Daube de boeuf
Slow cooked beef casserole
- 1.8Kg Beef Rib Trim
- 2 tbsp Olive oil
- 2 Onions peeled and chunked
- 6 Celery stalks trimmed and cut into batons
- 6 Garlic cloves finely chopped
- 6 Small carrots chopped into 1cm slices
- 6 tbsp Seasoned flour
- Bottle of Red wine
- 1 Orange (zest & juice)
- 2 Beef 'stock pots'
- 4 tbsp Black olives
- Handful of sun-dried tomato halves (roughly chopped)
- Salt and Pepper
- 2 Bay leaf
- Large sprig Rosemary
- 1 tsp Fennel seeds
- Step 1 Chop the onions into chunks and fry off in a little olive oil. As they become translucent, add 6 finely chopped garlic cloves, the little batons of celery cut from 6 celery sticks, together with 6 halved shallots and very lightly fry off.
- Step 2 Set the vegetables to one side. Lightly dust the beef with seasoned flour and then in small batches brown in the pan then set aside with the onion mix.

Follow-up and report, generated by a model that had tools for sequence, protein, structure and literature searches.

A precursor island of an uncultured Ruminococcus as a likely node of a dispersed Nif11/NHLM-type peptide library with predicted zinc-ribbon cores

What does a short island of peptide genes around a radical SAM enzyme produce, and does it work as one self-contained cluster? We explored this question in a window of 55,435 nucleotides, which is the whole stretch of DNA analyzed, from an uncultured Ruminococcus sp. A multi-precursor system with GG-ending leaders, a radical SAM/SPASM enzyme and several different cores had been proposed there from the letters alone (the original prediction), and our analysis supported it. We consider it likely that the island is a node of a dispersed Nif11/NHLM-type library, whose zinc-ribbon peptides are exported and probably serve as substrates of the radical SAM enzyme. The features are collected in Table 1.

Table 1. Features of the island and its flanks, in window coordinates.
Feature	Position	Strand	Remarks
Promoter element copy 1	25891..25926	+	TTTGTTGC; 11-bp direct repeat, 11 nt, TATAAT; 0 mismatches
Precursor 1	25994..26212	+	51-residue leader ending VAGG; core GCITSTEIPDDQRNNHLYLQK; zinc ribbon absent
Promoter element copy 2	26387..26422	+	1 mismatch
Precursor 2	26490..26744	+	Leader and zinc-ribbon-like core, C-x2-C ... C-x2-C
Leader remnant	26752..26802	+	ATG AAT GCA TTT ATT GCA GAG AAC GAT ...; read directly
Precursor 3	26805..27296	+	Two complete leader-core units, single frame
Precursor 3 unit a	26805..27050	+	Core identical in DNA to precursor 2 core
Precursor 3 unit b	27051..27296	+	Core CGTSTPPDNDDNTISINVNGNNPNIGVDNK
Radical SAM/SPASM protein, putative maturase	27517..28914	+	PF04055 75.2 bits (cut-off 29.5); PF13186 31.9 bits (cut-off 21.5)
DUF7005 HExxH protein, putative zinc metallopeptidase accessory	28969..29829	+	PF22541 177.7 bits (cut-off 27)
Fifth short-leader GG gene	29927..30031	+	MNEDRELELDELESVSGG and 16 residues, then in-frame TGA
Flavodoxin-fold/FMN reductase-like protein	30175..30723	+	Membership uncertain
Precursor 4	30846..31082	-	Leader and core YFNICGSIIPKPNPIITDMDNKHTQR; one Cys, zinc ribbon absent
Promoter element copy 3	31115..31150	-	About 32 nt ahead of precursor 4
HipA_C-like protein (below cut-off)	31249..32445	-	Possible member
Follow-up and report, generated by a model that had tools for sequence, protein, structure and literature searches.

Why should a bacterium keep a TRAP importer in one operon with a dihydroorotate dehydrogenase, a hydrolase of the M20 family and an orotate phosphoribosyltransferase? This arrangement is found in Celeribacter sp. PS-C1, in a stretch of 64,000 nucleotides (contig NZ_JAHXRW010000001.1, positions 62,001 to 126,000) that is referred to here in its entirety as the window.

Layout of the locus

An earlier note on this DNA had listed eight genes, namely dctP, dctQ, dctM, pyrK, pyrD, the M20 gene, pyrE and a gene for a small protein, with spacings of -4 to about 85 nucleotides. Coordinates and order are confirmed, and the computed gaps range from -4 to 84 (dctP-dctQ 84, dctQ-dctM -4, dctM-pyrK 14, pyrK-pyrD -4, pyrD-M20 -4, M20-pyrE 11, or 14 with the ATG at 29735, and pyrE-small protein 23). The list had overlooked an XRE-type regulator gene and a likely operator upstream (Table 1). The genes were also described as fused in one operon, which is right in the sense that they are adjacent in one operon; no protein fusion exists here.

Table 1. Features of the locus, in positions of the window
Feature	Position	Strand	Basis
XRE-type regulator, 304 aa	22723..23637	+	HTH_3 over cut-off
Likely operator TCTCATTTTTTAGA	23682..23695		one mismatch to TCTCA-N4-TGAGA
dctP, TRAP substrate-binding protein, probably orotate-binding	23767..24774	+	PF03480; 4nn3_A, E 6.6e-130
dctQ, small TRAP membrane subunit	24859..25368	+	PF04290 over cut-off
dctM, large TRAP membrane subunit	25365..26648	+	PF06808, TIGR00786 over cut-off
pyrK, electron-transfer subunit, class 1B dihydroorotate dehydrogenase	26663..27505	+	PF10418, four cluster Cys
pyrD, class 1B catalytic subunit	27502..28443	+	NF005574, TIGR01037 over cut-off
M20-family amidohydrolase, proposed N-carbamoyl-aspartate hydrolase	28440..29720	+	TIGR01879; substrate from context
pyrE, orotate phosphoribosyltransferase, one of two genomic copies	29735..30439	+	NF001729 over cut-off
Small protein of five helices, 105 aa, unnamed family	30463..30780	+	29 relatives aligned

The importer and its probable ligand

- Step 3 Deglaze the pan with some red wine and add the vegetable and meat mix back to the pan.
- Step 4 Add the carrots cut into 1cm slices and the rest of the bottle of red wine.
- Step 5 Bring the mix to a very light simmer and add the rest of the ingredients (black olives, dried tomatoes, Bay leaves, large sprig of Rosemary and the juice and zest of one large orange). Add the equivalent of 1.2L of stock but with as little water as possible (commercial stockpots are ideal for this)
- Step 6 Heat the Big Green Egg to around 130C in indirect mode and place a small piece of cherry wood on the burning charcoal. Put the unlidded Dutch oven onto the grill and close and leave the BGE for a good 2 hours before taking a peek at it again. Check the dish after 2 hours and if all is well leave for a further 1.5 hours.
- Step 7 Remove from the heat and skim any excess fat from dish. Before serving, remove the Bay leaves and the sprigs of Rosemary and adjust the seasoning.
- Step 8 If necessary thicken the sauce slightly with a roux made from the leftover seasoned flour.
- Step 9 Served simply with rich mashed potatoes and freeze any unused portions